Owens Corning Strikes Back at Asbestos Damage Claims
Owens Corning struck back at tens of thousands of asbestos-related damage claims Thursday, announcing it is suing three medical testing companies for racketeering and fraud.
Chairman and Chief Executive Glen Hiner said the civil suit--as well as a possible global settlement for other claims and a $545-million charge for claims arising after 1999--would help the fiberglass and insulation company put years of asbestos-related litigation behind it.
“We have now put a fence around the asbestos liability of Owens Corning,” Hiner told a news conference in New York.
The Toledo, Ohio-based company has been dogged for years by claims stemming from alleged health damage caused by asbestos, a fibrous mineral used in insulation and known to cause lung damage when inhaled. It faces about 150,000 asbestos-related claims and has a $1.1-billion current reserve to cover possible damages. It stopped producing asbestos materials in 1972.
The company filed suit in U.S. District Court in New Orleans late Wednesday against three companies in the Southeast that test people’s lungs for health problems.
Owens Corning’s general counsel, Chris Campbell, said the companies falsified about 25,000 claims in two or three years. An additional 15,000 claims from other, unidentified companies could also have been intentionally rigged, he said.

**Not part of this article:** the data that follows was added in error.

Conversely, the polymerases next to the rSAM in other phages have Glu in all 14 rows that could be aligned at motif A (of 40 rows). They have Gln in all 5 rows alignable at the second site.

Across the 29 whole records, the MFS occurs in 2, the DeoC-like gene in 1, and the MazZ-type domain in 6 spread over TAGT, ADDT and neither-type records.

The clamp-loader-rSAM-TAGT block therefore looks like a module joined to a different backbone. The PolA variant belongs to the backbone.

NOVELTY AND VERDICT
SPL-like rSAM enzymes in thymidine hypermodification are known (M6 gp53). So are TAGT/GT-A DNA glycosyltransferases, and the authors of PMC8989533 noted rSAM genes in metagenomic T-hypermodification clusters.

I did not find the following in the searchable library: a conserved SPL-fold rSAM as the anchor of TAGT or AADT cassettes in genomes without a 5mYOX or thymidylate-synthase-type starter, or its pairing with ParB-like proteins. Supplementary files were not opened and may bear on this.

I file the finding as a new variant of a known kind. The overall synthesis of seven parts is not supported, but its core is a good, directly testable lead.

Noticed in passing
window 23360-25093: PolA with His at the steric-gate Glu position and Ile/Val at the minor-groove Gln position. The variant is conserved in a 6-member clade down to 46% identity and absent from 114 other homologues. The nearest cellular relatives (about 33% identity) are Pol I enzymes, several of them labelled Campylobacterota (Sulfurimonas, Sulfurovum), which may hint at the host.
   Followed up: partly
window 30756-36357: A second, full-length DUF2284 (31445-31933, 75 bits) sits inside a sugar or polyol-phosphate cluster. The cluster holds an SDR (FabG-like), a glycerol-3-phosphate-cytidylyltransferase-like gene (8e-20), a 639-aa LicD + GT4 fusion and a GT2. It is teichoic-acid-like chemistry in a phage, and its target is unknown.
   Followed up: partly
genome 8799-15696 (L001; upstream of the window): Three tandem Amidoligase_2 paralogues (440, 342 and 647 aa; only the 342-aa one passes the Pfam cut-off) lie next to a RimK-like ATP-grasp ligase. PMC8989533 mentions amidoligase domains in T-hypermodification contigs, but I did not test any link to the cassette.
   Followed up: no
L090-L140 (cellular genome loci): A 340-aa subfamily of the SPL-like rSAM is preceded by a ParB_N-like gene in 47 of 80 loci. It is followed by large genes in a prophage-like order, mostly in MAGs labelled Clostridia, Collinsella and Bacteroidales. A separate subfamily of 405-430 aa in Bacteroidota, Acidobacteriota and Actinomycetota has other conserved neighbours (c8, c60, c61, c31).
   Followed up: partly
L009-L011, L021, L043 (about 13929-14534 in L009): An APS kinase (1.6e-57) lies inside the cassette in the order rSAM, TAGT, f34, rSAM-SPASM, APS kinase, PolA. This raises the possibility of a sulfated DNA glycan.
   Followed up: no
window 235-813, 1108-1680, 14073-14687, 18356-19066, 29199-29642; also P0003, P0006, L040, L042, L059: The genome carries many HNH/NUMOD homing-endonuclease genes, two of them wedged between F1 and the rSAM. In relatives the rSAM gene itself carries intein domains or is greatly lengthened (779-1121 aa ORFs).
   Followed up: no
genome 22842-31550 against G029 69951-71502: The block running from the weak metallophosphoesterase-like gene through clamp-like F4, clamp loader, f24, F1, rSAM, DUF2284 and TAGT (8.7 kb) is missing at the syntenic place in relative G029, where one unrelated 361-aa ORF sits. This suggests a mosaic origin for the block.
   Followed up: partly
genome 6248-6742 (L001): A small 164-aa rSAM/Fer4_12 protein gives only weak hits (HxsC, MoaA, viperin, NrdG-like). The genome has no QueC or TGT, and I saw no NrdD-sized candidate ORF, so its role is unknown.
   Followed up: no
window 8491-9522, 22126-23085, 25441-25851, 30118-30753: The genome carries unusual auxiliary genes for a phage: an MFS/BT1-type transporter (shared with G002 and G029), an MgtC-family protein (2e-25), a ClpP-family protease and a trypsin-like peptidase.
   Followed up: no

The medical testing companies sued are Pulmonary Advisory Services Inc., Pulmonary Advisory Services of Louisiana Inc. and Pulmonary Advisory Services of Mississippi Inc. Four people associated with the companies were also named in the suit.
The defendants could not be reached immediately to comment.
Owens Corning said a sampling of tests submitted by the defendants showed 95% of 1,672 claimants had significantly diminished lung capacity.
By contrast, the company said, in a sampling of claimants tested at a Salt Lake City hospital, only 13% had the same diminished capacity--the inability to exhale for at least six seconds.
Campbell also said Owens Corning is negotiating with 30 law firms over a possible global settlement of asbestos claims. The firms represent about half of the 150,000 claims against the company.
The talks are taking place during a “standstill” period in which no further asbestos claims would be filed. The period, which started May 1, runs to the end of the year.
An umbrella deal also depends on rulings by federal appeals courts in Philadelphia and Texas that would set precedents for asbestos settlements involving other companies.
Owens Corning has also been bolstered by a Philadelphia federal judge’s dismissal last month of 15,000 asbestos claims by shipbuilders in which the company was a party.
Hiner said the company would record a $545-million charge against earnings, or $9.56 a share, in the second quarter of this year. The money would be used as a reserve against asbestos claims received after 1999, and payments from the charge will begin to be paid after 2000.
Owens Corning stock closed up 1.125 cents to $41.875 in trading on the New York Stock Exchange.